I was at my wits end when I discovered this ‘nao’ (boat) at the banks of Kopai somewhere around Santiniketan on a wild trip on my motorbike along odd tracks beside the rather docile river. My trips along Kopai are undertaken when I do not like to be engaged in any specific work, simply speed away from the crowd and locality, choose a rather desolate spot beside the trickling river. Finding a boat was a big surprise to me, I started day dreaming about trade on water ways between several Jamindari’s, lovely women sitting at the deck or even the boatman singing songs…..
Well, to this date I still keep looking for the boat, but never came across it again!
With every small twist and turn, like all other rivers, the rather unknown Kopai naturally ekes out its own story in this part of the world. I reckon, every river, with its flow of time- sometimes trickling and once in a while overwhelming, manages to create its own kind of symphony.
However, personally I prefer to be a mute spectator, but naturally enjoying the symphony of life at the banks of Kopai.
The landscape is undergoing a rapid change along the bitumen road through Goalpara at the banks of Kopai. The area where the ladies had once crossed the river carrying cropped paddy, has now become inaccessible to them, thanks to fencing by private property owners along the banks at that place. But generally speaking life around Kopai is still very much a laid back affair; where time invariably slows down with a great relativistic flavour.
At times images can be mesmerizing, or fantastically refreshing. I can intensely enjoy the deserved rest for me at the banks of Kopai after a hectic week. Moreover with kilometers of silence around, I can always feel to be nicely on my own, poised cozily at my own self. I know desperately well how luxurious can that event be –‘belong to one’s own self’. Literally speaking, at certain points at the banks, usually navigable with a bit of maneuvering in a motorbike, one can afford to carry ‘kilometers of silence’ along with him. Santiniketan certainly has some incredible plus points if one is sensitive to them.
Peoplescape around Kopai is interesting too. All sorts of activities take place. I was really impressed and quite influenced by the team effort of a family to cross the river with a lady in crutches with her polio infected leg. Hail the indomitable spirit of life. Moreover they beamed wide with smiles at my effort to photograph them.
Fishing activities is always an interesting feature of any river large or small. Considering the usual tricklish nature of Kopai, the availability of fair amount of fishes is really a wonder. Ofcourse fishing is a seasonal activity, spanning mainly from late months of the rainy season right up to the fag end of winter.
Various modes of fishing can be fairly interesting photographically; add to that a chance to buy fish right at the spot in a much reduced price- it is really a good choice to track the fishermen folk of river Kopai with a camera and a poly-pack to carry the freshly caught fish back home!
Now, it is not only the fishes which can invite kids and grand dads to Kopai. Snail, crab and probably other such edible items are efficiently caught by hand. In essence Kopai remains quite a veritable food supply store for the nearby village folks!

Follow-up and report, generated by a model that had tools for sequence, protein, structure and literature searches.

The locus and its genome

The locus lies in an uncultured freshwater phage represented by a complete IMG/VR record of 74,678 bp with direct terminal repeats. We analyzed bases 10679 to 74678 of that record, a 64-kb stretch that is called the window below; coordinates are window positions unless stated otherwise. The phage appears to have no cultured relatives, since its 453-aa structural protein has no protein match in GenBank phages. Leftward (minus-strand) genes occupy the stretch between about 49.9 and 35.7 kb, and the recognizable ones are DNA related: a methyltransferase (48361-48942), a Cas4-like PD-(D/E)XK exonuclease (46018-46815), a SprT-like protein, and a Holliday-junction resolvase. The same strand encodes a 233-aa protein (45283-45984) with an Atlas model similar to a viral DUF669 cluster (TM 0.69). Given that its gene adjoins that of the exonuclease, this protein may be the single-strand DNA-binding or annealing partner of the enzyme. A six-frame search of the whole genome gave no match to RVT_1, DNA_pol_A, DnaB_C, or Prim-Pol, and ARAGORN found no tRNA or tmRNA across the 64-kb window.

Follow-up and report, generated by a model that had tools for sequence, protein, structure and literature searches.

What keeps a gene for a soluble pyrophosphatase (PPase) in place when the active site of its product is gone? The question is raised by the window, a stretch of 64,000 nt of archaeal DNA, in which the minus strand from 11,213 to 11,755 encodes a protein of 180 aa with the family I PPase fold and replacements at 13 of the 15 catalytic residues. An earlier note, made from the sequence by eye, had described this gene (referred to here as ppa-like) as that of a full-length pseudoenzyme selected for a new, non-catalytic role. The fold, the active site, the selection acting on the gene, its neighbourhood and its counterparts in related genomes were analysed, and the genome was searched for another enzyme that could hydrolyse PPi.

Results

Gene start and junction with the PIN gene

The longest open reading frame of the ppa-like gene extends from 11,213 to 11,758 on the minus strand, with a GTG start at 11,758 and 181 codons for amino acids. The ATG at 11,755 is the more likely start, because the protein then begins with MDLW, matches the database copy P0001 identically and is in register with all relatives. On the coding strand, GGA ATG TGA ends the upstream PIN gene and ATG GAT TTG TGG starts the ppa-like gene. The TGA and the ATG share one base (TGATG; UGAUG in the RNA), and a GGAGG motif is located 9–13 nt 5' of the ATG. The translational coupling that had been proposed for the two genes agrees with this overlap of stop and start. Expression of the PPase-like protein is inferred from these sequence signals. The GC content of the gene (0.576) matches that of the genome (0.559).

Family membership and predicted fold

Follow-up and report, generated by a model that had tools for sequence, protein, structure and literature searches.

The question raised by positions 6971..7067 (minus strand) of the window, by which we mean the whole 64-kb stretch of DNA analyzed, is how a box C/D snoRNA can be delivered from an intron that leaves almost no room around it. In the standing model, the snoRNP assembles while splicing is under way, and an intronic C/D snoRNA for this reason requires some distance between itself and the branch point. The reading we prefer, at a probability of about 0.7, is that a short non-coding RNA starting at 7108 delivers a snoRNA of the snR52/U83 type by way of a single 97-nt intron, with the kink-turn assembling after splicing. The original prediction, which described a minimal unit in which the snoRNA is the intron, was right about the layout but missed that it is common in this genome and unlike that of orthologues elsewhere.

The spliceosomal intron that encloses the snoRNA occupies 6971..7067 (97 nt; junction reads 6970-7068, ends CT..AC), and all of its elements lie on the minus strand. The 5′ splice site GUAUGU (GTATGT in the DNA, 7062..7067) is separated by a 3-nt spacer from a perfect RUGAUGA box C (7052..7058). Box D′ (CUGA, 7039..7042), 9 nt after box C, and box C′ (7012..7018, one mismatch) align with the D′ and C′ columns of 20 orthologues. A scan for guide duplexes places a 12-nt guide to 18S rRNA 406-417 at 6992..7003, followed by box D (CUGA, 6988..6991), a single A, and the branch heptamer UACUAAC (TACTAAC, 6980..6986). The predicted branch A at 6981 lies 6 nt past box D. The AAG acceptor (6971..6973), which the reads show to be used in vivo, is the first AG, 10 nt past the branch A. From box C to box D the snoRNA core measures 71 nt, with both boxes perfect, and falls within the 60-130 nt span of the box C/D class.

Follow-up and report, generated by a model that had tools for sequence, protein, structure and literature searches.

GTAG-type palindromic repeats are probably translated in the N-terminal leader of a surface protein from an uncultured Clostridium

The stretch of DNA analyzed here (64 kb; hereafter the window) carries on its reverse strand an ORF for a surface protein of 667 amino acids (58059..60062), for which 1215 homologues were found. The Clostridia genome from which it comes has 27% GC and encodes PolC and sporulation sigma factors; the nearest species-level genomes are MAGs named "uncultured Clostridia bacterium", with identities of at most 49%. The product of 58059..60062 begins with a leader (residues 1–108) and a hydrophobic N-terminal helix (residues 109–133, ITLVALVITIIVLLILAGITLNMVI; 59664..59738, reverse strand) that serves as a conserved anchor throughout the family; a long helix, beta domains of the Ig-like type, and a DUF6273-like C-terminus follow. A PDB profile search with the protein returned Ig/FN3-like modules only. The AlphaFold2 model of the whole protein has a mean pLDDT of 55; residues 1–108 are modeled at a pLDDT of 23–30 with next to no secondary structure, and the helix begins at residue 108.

Some snaps can almost be the picture perfects. It is a great joy to feel that along a river, we tend to forget the several imperfections of life so easily that memories turn out to be near perfect ones. I have so many pleasant memories, picture perfect images of Kopai that just a mention of that river immediately tranquilizes all me senses into a wonderful bliss. One can still afford to be happy at no cost whatsoever.
Some characters do make Kopai interesting. They were actually a Kala Bhavana boy & a girl on a outdoor water colour mode. It was interesting to watch them. They first chose a spot, and then meticulously placed a plastic sheet to protect them from the wet soil and probably also from the irritating red ants, brought out all their accessories in a very organized manner and started painting. Well, the younger generations seems to be a pretty organized lot these days.
Yes, the images at times get deeply mesmerized into the deepest mind space, I often feel they belonged to me from ages beyond my comprehension. How, badly I miss the annual Patha Bhavana picnic at the banks of Kopia at Shealah- a practice now abandoned by Patha Bhavana for fear of safety of students. Now, Patha Bhavana arranges its picnics within a small fenced mangrove at Sriniketan- how devastatingly boring the life of students of my school has turned now!
The concluding snap is of Ratna, my year-mate in Siksha Bhavana. Do you think she was my ex-girl friend, or maybe just a friend to phrase it more diplomatically? Well, you are going to be disappointed to a great extent. The real story is while Ratna was at Botany Dept and I at Physics, we never even once spoke to each other in our college days; though Ratna was a fairly visible girl in our times with her heroine like looks. After exactly 34 years, when she landed up here along with her batch-mates, the all ladies gang simply hijacked me from my office and ultimately we landed up at the banks of Kopai, talking incessantly as we all felt that great bond of friendship, even the unspoken ones, forged at Santiniketan ages back. It was great feelings for all of us, getting to know each other, ladies with whom I never spoke before, singing songs, tasting the ‘Khejur Rasa’ and listening to birds at the banks of Kopai.
This certainly is the real flavor of river Kopai- the mesmerizing bond of unspoken friendship.